Facing the most aggressive Vietnamese offensive along the Thai-Cambodian border since 1979 and unable to defend its large settlements, Cambodia's main anticommunist resistance group appears to be reaching a turning point in its struggle against Hanoi's six-year-old occupation of Cambodia.
Since mid-November, the Khmer People's National Liberation Front, led by Son Sann, has lost six camps along the border to Vietnam's dry-season onslaught, and another has been largely evacuated in expectation of an imminent Vietnamese attack.
The latest to fall was the Ampil camp, a showcase settlement of 23,000 Cambodians about 40 miles northeast of the Thai border town of Aranyaprathet. The camp also was the site of the front's military headquarters.
The loss of Ampil showed that while the front has made great progress since 1979, when it started with virtually nothing, its approximately 15,000 fighters are still no match for the Vietnamese and remain militarily a junior partner in a resistance coalition with the widely hated but powerful Khmer Rouge communists.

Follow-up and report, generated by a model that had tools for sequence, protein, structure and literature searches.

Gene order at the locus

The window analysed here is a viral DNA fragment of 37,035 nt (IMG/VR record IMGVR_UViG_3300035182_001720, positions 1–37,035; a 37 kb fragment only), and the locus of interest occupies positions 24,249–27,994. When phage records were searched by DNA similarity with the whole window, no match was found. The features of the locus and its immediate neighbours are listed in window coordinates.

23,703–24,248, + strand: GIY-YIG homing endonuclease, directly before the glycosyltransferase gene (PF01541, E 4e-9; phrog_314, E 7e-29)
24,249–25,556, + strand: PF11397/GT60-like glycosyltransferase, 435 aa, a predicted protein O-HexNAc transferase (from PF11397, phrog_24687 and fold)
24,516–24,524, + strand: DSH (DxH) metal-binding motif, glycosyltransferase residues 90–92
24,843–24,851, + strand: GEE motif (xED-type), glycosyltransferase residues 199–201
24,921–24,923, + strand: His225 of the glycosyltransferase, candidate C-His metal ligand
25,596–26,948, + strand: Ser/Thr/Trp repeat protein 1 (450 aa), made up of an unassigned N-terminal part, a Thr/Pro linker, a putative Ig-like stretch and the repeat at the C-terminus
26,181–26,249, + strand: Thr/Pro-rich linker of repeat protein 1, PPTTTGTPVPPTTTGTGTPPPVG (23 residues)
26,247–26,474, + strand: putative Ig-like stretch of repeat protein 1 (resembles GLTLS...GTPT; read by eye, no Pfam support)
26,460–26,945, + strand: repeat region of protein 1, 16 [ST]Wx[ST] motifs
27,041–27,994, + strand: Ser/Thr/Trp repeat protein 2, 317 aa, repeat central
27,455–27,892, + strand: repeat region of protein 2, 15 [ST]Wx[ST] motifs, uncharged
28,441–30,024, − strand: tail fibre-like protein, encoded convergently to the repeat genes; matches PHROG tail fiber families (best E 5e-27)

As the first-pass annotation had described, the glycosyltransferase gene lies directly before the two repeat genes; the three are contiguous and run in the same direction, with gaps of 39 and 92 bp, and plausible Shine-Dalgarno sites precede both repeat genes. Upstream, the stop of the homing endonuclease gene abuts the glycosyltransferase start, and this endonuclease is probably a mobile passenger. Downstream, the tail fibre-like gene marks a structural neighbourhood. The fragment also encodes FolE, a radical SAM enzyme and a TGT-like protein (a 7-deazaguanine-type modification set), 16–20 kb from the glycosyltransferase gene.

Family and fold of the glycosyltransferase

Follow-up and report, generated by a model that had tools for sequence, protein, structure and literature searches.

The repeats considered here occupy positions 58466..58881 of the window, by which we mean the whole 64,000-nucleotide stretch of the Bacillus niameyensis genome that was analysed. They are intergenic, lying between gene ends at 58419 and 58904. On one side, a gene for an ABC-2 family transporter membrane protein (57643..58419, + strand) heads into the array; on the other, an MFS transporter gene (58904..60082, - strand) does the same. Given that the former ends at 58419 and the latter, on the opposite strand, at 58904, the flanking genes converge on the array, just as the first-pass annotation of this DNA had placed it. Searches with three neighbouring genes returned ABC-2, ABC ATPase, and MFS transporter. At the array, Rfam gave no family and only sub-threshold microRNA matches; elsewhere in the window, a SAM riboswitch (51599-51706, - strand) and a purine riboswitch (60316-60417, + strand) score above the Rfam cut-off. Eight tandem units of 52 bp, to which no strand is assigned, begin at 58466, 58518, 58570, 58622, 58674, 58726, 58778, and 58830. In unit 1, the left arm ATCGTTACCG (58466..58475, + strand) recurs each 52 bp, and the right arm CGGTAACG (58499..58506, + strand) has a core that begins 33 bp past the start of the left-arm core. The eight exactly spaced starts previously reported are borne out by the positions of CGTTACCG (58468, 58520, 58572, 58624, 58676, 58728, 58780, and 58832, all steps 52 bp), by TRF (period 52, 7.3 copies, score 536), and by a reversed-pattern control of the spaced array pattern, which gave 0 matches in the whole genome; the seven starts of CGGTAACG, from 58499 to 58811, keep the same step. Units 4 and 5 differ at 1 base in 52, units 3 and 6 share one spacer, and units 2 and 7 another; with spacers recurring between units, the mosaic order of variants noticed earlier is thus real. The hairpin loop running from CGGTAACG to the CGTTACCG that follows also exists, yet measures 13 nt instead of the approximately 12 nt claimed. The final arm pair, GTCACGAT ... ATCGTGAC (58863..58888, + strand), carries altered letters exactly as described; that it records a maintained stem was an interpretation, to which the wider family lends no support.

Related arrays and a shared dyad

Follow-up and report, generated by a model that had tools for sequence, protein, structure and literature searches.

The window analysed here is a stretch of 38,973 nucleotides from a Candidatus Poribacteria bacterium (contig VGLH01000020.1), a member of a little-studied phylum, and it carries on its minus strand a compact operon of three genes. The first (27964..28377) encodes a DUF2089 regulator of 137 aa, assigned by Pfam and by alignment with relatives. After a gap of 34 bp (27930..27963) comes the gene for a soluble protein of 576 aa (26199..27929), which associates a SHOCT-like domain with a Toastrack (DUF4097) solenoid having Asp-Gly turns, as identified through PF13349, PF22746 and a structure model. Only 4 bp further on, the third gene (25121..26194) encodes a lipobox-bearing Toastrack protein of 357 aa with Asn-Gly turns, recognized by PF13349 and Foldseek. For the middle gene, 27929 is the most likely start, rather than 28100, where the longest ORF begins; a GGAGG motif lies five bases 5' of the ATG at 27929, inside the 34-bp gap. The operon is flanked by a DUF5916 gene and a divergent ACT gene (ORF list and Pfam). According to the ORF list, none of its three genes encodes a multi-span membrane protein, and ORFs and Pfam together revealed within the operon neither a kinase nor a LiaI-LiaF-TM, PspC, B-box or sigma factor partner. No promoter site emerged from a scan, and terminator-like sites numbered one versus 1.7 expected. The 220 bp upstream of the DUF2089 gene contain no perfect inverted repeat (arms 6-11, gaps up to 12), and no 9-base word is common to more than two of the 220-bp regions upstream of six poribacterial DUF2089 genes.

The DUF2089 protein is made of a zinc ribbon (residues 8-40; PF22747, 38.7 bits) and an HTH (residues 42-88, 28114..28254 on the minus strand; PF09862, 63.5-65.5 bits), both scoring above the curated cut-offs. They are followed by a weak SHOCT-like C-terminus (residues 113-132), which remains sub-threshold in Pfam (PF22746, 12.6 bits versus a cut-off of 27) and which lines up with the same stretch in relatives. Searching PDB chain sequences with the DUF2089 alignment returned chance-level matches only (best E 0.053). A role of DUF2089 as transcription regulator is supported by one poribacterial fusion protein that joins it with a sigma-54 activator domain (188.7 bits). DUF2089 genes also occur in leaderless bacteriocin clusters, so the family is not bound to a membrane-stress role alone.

The defeat also underscored a necessity for the Khmer front to adapt to guerrilla tactics and try to avoid being pinned down on the border by superior Vietnamese forces drawn from the estimated 160,000 to 180,000 occupation troops in Cambodia.
But the front evidently faces a major and daunting task in attempting to push its struggle into the Cambodian interior with guerrilla methods.
Guerrilla struggle is largely alien to the front's military leadership, made up mostly of officers who served under the Lon Nol government that took power in a 1970 coup and was toppled by the Khmer Rouge in 1975. They and the camp leaders who have emerged as local warlords seem to value their settled life styles in the resistance bases, where they acquired -- considering the circumstances -- relatively comfortable homes with such amenities as video players and gardens.
There they were also saddled with the defense of large, concentrated populations of refugees, totaling more than 150,000 of the estimated 250,000 Cambodians who live along the border under the control of the three anti-Vietnamese resistance groups.